"I hadn't really thought about it when I interviewed Mike, that he was a setter," Shoji said. "It wasn't his selling point. I was impressed with his knowledge of the game. It was only after I hired him that I thought about the three of us all having been setters."
Knowing the game is a prerequisite for a coach and a setter. It's something Shoji looks at when he's recruiting.
"I think there's a lot of things you want in a setter," he said. "One is technique, although you can teach technique. Mentally, they have to be a strong person, someone who isn't afraid to take charge. You don't always get it, but you love to have it.
"They don't have to necessarily be vocal, but they have to be able to run an offense, call the right play in the right situation. There's a lot of information you have to digest and a setter needs to understand the game."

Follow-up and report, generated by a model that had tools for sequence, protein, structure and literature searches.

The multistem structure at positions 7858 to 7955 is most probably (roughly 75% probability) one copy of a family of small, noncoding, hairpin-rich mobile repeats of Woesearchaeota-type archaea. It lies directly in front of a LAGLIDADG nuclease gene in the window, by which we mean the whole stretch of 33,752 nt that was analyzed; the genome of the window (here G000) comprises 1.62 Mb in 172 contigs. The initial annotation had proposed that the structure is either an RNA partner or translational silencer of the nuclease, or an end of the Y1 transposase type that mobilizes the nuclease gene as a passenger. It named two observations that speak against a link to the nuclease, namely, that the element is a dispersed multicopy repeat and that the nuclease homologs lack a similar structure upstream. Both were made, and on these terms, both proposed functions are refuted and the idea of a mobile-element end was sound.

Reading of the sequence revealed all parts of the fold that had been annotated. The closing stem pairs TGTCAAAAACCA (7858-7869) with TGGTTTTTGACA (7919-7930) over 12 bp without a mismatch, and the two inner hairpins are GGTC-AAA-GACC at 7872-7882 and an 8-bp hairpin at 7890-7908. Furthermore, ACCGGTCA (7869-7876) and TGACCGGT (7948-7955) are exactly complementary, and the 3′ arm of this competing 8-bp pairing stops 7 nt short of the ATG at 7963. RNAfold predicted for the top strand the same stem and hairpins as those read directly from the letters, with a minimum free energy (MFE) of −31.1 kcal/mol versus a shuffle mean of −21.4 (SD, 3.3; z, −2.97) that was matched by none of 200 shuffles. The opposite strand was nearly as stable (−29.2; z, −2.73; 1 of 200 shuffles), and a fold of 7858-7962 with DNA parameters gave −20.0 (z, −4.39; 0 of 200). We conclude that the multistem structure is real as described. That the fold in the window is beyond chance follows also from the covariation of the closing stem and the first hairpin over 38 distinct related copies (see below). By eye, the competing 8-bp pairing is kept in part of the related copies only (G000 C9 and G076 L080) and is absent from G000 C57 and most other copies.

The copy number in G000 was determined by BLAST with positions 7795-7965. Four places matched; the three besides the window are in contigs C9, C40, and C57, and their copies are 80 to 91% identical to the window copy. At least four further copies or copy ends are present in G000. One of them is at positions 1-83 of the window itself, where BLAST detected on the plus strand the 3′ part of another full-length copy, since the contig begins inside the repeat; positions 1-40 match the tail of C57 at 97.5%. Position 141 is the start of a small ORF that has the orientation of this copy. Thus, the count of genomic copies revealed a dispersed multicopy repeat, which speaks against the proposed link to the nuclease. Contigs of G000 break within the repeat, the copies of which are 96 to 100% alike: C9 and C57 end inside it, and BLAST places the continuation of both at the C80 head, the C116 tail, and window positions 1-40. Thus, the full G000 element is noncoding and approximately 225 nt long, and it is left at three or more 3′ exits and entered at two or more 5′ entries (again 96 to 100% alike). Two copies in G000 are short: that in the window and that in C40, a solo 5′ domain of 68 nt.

All-American Robyn Ah Mow-Santos, considered one of the finest setters to ever wear a Wahine uniform, was not a vocal leader. But her talent speaks for itself -- so much so that she is a two-time Olympian, continues to set for the national team and has a pro career in Switzerland.
Ask her what a setter needs and her answer is simple: "Hands.
"And I look for how fast she can move, run down balls," she said while watching yesterday's Wahine practice. "She needs to be smart, have court awareness and know what's going on on the other side of the net, not just your side.
"You have to be able to take criticism. You're the quarterback. You have to know how to set a bunch of hitters who all like different sets."
"She's good," Ah Mow-Santos said.
DENNIS ODA / DODA@STARBULLETIN.COM
Former Wahine setter Robyn Ah Mow-Santos, left, watched current setter Kanoe Kamana'o at practice this week.
Ambrozich's job is to work with the setters -- Kamana'o, senior backup Cayley Thurlby and freshman Dani Mafua, who'll be redshirting this season.
"There's a definite mind-set to being a setter," Ambrozich said. "You need to have leadership, and I think Kanoe and Cayley have that, and Dani is developing that. You're involved in every single play and obviously you have to make the right choices.